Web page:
The Bond Building has been a pivotal structure in downtown DC’'s business and financial district since it was constructed in 1901. The seven-story Beaux Arts office building, designed by architect George S. Cooper (1864-1929), stands as a landmark to the prosperity and expansion of turn-of-the century Washington. Over the years, the building served as an office space for Senators, Congressmen, prominent attorneys and other professionals, as well as trade associations that have figured prominently in business life in DC and beyond.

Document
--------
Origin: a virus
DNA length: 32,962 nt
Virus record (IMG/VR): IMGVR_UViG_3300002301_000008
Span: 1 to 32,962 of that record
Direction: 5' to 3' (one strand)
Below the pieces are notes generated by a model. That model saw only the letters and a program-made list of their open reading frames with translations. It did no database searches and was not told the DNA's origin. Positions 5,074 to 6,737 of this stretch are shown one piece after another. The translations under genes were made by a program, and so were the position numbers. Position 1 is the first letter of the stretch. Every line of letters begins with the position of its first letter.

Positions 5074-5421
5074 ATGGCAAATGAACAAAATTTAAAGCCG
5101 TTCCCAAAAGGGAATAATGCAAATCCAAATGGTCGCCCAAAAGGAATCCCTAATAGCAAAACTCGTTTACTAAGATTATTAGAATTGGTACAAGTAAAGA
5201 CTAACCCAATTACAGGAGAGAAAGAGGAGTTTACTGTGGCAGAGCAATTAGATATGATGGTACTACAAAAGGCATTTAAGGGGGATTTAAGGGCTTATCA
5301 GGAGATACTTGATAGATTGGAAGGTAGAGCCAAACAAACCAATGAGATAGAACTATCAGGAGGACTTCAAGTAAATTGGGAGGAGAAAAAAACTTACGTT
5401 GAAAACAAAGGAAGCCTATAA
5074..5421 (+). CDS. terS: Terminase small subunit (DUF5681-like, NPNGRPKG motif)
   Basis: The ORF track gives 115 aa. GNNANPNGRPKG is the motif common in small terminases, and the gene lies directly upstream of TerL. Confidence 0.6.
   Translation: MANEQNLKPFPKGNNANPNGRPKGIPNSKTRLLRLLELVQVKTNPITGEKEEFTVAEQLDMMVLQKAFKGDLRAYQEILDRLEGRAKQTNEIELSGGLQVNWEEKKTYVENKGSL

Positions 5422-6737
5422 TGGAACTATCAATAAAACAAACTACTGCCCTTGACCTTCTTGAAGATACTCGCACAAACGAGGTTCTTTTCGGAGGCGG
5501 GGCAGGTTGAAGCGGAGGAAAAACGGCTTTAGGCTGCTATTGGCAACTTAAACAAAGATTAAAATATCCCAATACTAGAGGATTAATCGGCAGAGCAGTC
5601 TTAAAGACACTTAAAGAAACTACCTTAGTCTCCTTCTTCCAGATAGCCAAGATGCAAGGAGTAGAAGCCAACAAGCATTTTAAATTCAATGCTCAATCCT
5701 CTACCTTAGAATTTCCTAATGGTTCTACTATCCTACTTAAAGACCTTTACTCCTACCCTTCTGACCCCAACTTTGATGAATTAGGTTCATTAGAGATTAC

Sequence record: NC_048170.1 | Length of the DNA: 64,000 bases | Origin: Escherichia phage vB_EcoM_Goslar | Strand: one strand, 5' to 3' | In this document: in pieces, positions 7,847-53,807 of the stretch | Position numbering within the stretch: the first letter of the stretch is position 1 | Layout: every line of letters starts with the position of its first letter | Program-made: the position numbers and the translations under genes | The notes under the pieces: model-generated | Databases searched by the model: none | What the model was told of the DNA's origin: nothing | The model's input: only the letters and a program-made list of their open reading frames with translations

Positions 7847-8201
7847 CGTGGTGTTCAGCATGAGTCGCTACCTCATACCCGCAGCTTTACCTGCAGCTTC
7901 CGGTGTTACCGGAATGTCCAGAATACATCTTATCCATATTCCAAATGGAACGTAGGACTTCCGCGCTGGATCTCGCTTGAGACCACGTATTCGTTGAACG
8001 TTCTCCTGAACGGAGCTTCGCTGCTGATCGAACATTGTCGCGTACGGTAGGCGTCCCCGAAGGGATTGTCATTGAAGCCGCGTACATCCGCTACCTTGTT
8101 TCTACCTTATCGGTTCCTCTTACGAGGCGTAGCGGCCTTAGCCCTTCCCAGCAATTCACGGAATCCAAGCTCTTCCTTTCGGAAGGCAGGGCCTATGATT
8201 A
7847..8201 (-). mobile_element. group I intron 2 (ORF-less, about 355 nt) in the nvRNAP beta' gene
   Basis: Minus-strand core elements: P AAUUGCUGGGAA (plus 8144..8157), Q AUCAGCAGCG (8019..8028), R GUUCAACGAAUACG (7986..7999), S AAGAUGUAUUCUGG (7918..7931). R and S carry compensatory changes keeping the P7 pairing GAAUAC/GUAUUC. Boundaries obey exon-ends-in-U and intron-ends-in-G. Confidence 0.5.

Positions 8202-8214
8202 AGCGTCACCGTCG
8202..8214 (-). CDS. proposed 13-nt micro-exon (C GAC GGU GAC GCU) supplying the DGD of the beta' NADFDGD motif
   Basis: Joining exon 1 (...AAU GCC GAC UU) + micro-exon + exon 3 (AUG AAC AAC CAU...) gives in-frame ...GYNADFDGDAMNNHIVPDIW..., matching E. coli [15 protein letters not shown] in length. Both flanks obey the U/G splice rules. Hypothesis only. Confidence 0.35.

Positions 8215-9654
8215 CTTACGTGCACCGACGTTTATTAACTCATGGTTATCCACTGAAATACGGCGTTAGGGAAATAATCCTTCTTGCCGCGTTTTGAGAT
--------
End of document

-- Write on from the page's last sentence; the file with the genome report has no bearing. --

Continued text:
In 1979, a developer bought the building and applied for a demolition permit. DC Superior Court Judge William E. Stewart Jr. blocked demolition in 1980. The Bond Building was listed on the National Register of Historic Places in 1983. Between 1985 and 1986, the façade was incorporated into a new building on the original site.
DC Inventory: September 18, 1980
National Register: September 15, 1983